Bone and muscle cancer(Osteosarcoma)

What is Osteosarcoma?


Osteosarcoma is a rare type of cancer that develops in bone tissue. Osteosarcomas usually occur in long bones (e.g., femur, fibula, humerus), where cancer cells may form within the bone tissue and destroy surrounding healthy bone tissue.

Genetic factors, genetic mutations, and exposure to radiation may play a role in the development of osteosarcoma. It is particularly likely to occur in growing children and adolescents.

Symptoms of osteosarcoma include pain, swelling, discoloration or hardening of the affected skin, or swelling of the affected area, which often progresses rapidly. Diagnosis of osteosarcoma includes imaging tests such as X-rays, CT scans, and MRIs, biopsy (collection of a tissue sample), and blood tests, with biopsy confirming the presence of cancer cells.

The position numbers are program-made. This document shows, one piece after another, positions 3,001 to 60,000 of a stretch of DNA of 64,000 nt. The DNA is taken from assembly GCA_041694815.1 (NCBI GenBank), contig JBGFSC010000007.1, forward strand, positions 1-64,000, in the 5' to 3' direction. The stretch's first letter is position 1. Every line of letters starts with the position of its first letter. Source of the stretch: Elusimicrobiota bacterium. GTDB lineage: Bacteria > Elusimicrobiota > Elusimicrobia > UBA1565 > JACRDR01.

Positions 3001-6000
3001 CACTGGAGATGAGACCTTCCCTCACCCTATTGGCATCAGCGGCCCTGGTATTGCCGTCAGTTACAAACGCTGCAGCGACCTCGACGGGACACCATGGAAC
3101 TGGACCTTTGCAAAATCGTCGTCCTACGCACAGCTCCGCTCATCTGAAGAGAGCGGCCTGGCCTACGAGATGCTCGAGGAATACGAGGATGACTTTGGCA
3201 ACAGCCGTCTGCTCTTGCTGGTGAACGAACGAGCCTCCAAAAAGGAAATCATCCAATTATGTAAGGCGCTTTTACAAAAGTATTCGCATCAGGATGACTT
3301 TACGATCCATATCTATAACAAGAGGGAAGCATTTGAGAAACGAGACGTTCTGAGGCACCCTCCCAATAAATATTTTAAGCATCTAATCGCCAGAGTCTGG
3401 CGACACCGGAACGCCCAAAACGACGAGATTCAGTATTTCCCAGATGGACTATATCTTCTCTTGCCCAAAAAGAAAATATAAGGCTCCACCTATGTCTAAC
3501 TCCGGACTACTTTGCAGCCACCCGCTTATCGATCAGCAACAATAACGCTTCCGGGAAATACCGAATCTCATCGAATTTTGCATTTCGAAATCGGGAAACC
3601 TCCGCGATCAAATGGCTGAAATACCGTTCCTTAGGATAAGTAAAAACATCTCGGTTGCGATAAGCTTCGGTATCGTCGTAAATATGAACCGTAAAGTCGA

An example of a proposed treatment for osteosarcoma


Surgery is the primary treatment for osteosarcoma. Surgical resection of the affected area is performed to remove the cancerous tissue.  Large tumors or partial or total removal of bone may be required. After surgery, a procedure (e.g., bone graft) may be performed to fill the bone defect.


Chemotherapy is given before or after surgery to attack cancer cells and help prevent recurrence.

Radiation therapy:

Radiation therapy is typically used as an adjunctive treatment before or after surgery, such as when surgery is difficult or there is a risk of leaving cancer cells behind after surgery.  Particle therapy (heavy particle therapy and proton therapy), a type of radiation therapy, is proposed when extensive lesions preclude resection surgery.